The temperatures might be dropping below zero at night in Bloemfontein, but that has done very little to dampen the spirits of a place that is home to some of the most fanatical football supporters in South Africa.
Bloemfontein is home to the popular, colourful group of supporters known as the Siwelele, the followers of local favourites Bloemfontein Celtic, undoubtedly one of the fastest growing football outfits in the country. If the vuvuzela has become a fashion item at other stadiums around the country, the Siwelele – a term in the Sesotho language for which there is no direct translation – are renowned for their singing, dancing and clapping during games. Indeed colourful scenes during Celtic's home and away matches have become a norm for South African television audiences.
Today, Bloemfontein will be the point of attraction as Bafana Bafana take on France in their crunch Group A encounter and they can expect noisy support from a capacity crowd inside the Free State Stadium. Despite the team's mixed fortunes at this tournament, including the 3-0 defeat by Uruguay last week, the Celtic supporters will be out in full regalia and ready to rally behind the national team, according to Botha Smila, the man who often leads the singing at the stadium.
He told FIFA.com: "Irrespective of what happens, this is our team and we love them a lot. We have to support the team and we believe they can do something special. In football, anything is possible." Explaining the city's fan culture, he added: "Here people are passionate about the game, it is here where you will meet real football fans who are willing to support their team through thick and thin."
The loyalty of the Siwelele cannot be questioned – even when Bloemfontein Celtic were relegated, they continued to fill the stadium until the team bounced back to the elite league. It is this attitude that has earned them several awards as 'Supporters of the Season' in South Africa's Premier Soccer League. "Football culture in this area dates way back," Smila added. "For many years, people associated Bloemfontein with rugby. That has all changed as locals have now embraced the beautiful game as our number one sport."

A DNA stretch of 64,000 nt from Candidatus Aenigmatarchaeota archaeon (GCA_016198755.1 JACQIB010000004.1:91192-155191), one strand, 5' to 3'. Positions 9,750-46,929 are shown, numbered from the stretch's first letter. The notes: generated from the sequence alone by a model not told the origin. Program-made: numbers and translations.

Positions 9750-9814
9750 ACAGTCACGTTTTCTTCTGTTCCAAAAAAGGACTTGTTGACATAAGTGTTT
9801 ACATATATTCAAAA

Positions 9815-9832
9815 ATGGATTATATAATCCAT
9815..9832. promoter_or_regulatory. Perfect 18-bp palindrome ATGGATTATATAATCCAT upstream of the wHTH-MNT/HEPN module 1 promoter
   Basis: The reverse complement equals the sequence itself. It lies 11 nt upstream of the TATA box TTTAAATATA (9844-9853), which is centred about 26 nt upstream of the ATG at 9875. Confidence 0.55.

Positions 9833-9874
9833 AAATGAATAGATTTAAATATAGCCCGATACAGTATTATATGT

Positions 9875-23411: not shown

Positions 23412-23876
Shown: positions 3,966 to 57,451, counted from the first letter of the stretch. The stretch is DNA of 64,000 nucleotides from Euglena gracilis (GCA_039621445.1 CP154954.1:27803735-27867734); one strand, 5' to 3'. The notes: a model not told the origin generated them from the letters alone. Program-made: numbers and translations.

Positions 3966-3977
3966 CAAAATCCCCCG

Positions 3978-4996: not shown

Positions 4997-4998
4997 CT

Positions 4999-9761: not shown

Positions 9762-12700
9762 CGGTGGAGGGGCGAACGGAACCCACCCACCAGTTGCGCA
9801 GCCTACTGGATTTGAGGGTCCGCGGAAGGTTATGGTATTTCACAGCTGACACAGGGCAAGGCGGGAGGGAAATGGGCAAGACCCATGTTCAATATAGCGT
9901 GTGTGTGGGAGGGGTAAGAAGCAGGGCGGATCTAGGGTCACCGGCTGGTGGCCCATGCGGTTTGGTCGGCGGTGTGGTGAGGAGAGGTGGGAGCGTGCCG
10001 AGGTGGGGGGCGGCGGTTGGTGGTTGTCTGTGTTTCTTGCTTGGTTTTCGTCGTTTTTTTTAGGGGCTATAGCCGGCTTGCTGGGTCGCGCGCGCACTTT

His own interest is deep-rooted. "I started going to matches around 1987 and I developed a passion for the game. We started very small, but I think people here realised that we had a treasured asset and fortunately, something good came out of it. Today, we are among the most powerful group of supporters in the country – we eat, drink and sleep football. The game has become part of our lives."
Not surprisingly, George Mohlakoana, Mangaung/Bloemfontein's CEO for the 2010 FIFA World Cup™, said that visitors had been impressed by the city, which is the capital of the Free State province and also acts as the judicial capital of South Africa. He said: "The city of Mangaung has been one of the most popular destinations for fans during this tournament and we are pleased with that. I think what people like about the city is that the atmosphere at the stadium is different to other parts of the country. Here you meet fans who are fanatics, who are crazy about the game. We hope that we will continue to attract people."